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Mexico City’s car-free Sundays are catalyst for change

Car-free Sundays in Mexico City sparked wider efforts to promote physical activity. (katiebordner/flickr/cc)

The car-free Sundays introduced in Mexico City seven years ago were supposed to encourage outdoor activities such as jogging and biking. Gisela Mendez reports in The City Fix that the road closures achieved those goals — and much more. 

The “Muévete en Bici” (Bike Move) program is now the fifth-largest car-free initiative in Latin America. Bogotá pioneered the concept with its Ciclovía, introduced in 1976.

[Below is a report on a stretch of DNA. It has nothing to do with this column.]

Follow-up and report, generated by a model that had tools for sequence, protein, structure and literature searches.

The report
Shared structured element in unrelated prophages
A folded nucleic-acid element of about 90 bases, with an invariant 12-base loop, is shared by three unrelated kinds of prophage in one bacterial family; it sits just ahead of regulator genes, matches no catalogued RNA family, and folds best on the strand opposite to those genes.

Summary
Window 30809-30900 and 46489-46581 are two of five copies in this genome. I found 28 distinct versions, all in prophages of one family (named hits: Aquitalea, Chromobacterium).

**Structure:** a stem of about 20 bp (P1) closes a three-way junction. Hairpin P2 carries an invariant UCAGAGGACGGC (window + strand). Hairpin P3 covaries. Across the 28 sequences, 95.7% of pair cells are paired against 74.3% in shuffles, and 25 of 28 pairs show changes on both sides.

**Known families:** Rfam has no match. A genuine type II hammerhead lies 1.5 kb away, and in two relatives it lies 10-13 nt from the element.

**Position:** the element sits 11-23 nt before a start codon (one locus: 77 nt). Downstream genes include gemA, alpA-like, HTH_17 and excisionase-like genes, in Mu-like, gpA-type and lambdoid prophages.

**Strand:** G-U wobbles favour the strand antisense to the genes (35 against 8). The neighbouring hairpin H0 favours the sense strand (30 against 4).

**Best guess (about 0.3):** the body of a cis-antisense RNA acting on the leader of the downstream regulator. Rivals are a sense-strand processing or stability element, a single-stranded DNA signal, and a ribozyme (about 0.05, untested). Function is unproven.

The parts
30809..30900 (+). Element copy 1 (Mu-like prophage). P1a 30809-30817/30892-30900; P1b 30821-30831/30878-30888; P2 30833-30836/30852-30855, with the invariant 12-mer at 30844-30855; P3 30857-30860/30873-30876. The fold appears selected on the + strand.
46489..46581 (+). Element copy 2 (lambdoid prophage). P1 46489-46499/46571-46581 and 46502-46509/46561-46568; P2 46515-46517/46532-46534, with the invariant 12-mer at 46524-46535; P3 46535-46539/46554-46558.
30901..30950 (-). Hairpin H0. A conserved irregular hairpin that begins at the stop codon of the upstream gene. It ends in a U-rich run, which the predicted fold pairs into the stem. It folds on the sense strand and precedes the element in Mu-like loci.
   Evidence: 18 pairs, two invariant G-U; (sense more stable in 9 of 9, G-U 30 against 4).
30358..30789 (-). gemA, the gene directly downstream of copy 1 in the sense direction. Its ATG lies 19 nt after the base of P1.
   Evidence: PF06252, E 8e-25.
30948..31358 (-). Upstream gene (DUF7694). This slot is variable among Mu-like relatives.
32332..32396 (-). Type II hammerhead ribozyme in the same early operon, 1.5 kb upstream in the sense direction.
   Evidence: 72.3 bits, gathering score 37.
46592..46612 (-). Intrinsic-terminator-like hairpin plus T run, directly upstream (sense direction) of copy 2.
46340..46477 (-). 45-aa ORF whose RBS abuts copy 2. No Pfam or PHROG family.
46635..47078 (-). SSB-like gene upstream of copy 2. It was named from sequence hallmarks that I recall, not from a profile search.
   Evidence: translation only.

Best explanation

Mexico City’s street closures spawned a bike-share service and dedicated cycling lanes, the article says. Activities along the auto-free routes include salsa lessons and theatrical and musical performances. Cycling mechanics, vendors and political activists vie for the attention of passersby.

According to the article, the city consolidated planning related to car-free Sundays and non-motorized transport into one office in 2008. The office quickly grew and evolved into the Culture, Design, and Bike Infrastructure Department of the Ministry of the Environment. More here about Mexico City’s steps to inspire healthy lifestyles.

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